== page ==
In Aguilar et al. v. Management & Training Corp., 948 F.3d 1270 (10th Cir. 2020), the Tenth Circuit Court of Appeals ruled that the employer of a group of prison detention officers violated the Fair Labor Standards Act (FLSA), 29 U.S.C. §§ 201–19, by failing to pay the officers to undergo pre-shift security screenings; gather keys, handcuffs, and other equipment; walk to their post; receive a security briefing from the previous officer at the post; and then, post-shift, complete the same activities in reverse.
In District Court, the employer had won summary judgment by arguing that the time for these activities was not compensable under the FLSA. On appeal, however, the Tenth Circuit determined the activities before, during, and after were “integral and indispensable to the officers’ principal activities” under the FLSA, because the pre- and post-shift security screenings were required to ensure the overall safety of the prison.
The Tenth Circuit differentiated the prison security screenings from non-compensable security screenings under the FLSA where security is not part of the employee’s duties. Specifically, in Integrity Staffing Solutions, Inc. v. Busk, 574 U.S. 27 (2014), the Supreme Court held that time spent undergoing mandatory security screenings was not compensable under the FLSA, but in that case, the screenings were to prevent theft by employees and were not “integral and indispensable” to employees’ duties.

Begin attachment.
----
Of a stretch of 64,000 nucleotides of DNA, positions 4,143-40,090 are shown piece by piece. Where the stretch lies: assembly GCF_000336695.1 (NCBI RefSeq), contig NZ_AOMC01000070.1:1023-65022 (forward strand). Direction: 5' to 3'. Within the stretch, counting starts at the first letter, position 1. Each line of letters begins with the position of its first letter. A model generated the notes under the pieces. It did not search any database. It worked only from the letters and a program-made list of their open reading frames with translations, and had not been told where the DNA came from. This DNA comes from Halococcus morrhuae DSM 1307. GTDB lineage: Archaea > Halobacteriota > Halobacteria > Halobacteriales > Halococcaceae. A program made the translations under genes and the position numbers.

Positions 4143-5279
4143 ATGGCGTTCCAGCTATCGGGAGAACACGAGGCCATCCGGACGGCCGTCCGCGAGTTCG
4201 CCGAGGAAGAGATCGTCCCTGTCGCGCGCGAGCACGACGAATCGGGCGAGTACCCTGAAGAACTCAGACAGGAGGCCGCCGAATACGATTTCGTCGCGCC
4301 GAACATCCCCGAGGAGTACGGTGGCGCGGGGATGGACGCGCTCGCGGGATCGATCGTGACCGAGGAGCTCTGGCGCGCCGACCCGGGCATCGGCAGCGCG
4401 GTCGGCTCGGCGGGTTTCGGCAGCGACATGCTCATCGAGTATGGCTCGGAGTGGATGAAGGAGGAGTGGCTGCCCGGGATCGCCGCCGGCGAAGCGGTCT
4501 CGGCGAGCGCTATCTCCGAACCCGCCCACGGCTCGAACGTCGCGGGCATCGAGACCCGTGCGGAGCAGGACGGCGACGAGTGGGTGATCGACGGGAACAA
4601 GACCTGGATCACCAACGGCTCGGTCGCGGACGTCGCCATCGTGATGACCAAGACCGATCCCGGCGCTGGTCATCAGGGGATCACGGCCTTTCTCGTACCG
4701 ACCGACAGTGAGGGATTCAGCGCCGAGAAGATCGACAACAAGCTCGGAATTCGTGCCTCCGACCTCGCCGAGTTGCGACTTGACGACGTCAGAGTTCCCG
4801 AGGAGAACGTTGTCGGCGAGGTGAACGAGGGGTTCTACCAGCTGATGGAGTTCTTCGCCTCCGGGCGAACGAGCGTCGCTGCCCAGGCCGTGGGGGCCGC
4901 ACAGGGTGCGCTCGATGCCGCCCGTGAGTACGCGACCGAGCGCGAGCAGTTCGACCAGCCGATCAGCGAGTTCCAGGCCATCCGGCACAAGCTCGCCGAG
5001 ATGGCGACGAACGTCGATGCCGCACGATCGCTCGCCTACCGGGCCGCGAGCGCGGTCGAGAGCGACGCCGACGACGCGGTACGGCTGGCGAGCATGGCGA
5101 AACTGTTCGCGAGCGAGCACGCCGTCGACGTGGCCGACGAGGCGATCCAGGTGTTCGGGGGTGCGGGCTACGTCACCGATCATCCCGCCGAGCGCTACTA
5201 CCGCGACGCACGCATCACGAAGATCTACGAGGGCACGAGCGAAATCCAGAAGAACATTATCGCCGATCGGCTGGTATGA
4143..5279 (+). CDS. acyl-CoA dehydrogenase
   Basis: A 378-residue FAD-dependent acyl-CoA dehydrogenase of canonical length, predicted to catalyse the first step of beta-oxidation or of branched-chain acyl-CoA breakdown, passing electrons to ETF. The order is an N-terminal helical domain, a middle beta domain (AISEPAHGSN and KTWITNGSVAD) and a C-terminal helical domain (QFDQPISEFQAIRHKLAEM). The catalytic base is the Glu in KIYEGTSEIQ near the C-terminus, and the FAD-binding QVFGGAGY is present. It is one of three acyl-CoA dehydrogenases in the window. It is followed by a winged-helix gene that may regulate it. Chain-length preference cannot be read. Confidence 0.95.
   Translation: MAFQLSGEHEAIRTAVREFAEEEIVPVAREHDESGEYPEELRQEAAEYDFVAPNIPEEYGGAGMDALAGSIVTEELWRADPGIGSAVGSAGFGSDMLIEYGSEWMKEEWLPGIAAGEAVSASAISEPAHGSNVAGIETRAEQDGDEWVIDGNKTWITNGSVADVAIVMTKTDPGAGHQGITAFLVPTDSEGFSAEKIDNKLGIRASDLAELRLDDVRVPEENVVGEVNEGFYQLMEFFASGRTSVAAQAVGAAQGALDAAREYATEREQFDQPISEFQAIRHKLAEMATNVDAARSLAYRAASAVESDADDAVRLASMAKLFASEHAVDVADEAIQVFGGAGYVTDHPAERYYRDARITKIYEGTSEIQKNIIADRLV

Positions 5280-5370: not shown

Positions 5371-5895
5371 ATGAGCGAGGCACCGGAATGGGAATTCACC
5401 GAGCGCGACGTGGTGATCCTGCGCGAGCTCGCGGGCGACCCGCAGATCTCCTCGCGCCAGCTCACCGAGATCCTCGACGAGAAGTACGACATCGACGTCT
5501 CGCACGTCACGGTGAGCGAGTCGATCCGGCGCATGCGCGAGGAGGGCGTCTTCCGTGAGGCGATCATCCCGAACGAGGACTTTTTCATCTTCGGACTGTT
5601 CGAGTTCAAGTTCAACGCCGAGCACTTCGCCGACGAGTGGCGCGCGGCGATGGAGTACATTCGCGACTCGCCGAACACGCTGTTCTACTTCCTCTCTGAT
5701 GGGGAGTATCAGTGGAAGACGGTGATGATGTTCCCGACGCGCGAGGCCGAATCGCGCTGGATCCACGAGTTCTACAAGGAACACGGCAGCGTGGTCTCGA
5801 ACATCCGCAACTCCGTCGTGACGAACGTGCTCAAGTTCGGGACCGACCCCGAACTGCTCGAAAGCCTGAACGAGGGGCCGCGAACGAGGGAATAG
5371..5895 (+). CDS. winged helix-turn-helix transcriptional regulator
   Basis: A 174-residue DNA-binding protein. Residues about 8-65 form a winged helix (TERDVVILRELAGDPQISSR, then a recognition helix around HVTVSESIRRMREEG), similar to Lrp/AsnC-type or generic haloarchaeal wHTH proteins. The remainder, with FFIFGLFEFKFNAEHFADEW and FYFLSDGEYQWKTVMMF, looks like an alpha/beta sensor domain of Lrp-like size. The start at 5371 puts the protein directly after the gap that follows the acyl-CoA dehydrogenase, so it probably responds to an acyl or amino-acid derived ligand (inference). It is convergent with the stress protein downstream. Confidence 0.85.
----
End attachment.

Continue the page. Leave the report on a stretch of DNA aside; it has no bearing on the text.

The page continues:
While the Tenth Circuit followed federal law on compensable activities, other courts may use different, conflicting standards based on state laws. For example, the California Supreme Court recently ruled that security screening time is compensable under California law when the employer searched employees’ personal bags for stolen merchandise or trade secrets, because the workers were “clearly under [the employer’s] control while awaiting, and during, the exit searches.” Frlekin v. Apple Inc., 2020 WL 727813 (Cal. Feb. 13, 2020). California’s “employer control” standard is very different from the FLSA “integral and indispensable to the duties” standard, resulting in compensable time under California state law that may not be granted under the FLSA.
When analyzing compensable time for security screening, awareness of different courts’ standards under federal and state law, and evolving case law, is crucial. Employee activity may be compensable in one court but not another.